Dartmouth Establishes Emergency Relief Fund for Students

Funds support undergraduates of limited means dealing with pandemic-related expenses.

Dartmouth has established an emergency fund to help students experiencing financial challenges due to the COVID-19 pandemic. The fund is an opportunity for the Dartmouth community to assist students facing difficult circumstances during this ongoing health crisis.

The Emergency Student Relief Fund will provide support to undergraduates of limited financial means who are dealing with unexpected pandemic-related expenses not covered by Dartmouth's financial aid packages.

"Over the last two weeks, Dartmouth has stepped in to support the cost of travel and other emergency expenses for some of our students," says Dean of the College Kathryn Lively. "We are extremely grateful for the generosity of members of our community who are able to help us help students."

On March 12, Dartmouth officials sent students home and planned to conduct the first half of the term remotely. Five days later, as the pandemic worsened and colleges and universities began to move all of their courses online, Dartmouth announced that the entire spring term would be conducted remotely. Classes begin on Monday.

Most students have returned home, although some were unable to, and continue to live on campus. Having to leave campus abruptly and to take classes online from home is causing a financial hardship for some students. Says Lively, "Many hundreds of students have sought help."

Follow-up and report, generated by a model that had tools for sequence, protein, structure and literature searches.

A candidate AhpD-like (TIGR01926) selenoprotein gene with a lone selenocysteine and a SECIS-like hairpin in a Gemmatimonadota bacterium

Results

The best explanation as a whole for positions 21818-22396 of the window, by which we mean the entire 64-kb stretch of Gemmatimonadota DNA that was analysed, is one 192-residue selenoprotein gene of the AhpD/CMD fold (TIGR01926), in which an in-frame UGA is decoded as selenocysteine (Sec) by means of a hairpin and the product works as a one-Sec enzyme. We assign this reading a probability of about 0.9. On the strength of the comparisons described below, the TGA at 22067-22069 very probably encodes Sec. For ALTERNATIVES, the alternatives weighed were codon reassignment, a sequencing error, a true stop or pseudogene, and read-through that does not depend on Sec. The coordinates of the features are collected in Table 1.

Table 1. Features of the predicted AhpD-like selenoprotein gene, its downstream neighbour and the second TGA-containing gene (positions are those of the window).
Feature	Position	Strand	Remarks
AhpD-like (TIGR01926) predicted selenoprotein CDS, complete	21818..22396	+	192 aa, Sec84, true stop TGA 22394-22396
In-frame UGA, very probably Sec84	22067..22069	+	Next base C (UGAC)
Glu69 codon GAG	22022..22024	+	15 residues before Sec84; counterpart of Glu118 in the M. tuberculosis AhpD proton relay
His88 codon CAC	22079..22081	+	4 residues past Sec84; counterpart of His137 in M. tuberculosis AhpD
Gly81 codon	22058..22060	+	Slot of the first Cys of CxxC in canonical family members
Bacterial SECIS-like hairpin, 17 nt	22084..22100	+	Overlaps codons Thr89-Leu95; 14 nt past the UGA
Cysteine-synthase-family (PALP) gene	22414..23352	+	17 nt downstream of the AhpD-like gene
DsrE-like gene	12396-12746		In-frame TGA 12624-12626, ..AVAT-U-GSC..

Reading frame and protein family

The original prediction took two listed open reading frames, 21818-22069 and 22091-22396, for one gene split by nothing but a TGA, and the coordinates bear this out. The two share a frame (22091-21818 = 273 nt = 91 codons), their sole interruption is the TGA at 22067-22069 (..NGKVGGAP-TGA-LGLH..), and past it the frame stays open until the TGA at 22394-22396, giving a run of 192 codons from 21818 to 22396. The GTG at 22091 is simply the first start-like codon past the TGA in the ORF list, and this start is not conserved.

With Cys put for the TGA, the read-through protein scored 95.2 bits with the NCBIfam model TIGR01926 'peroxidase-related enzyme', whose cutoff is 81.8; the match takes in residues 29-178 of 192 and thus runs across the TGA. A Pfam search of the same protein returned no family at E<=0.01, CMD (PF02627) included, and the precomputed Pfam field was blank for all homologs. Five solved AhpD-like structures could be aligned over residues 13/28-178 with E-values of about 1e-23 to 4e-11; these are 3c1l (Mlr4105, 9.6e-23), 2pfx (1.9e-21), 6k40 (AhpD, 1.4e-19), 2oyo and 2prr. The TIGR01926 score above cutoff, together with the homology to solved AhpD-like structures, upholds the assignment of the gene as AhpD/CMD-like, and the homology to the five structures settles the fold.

One of the most pressing goals of The Call to Lead fundraising campaign has been to triple the amount of funding available each year to offset the cost of student emergencies, including help with medical and other health care expenses, providing professional attire for interviews, graduate test-preparation fees, and other necessities. The COVID-19 pandemic has made the need for emergency funding more urgent than ever.

Through this initiative, Dartmouth intends to raise $500,000 for critical needs and establish a $4.5 million endowment to respond to individual needs now and in the years to come.

"The escalating public health crisis we are all facing serves to emphasize the vulnerabilities of needy students in our community," says Lively. "Now, and in the future, these needs are likely to continue. We are thankful that we will have these resources to address them."

Dartmouth Trustee Caroline Kerr '05, who chairs the board's Student Affairs Committee, says alumni are reaching out and asking how they can support students during this difficult time.

"We're all part of the Dartmouth family. Alumni and students really see Dartmouth that way—as an extension of our own families," says Kerr. "I have never seen a community rise to a challenge the way we do. The notion of one Dartmouth and one family is stronger than ever."

Gifts to the student relief fund can be made online.

For the latest information on Dartmouth's response to the pandemic, including visit the COVID-19 website.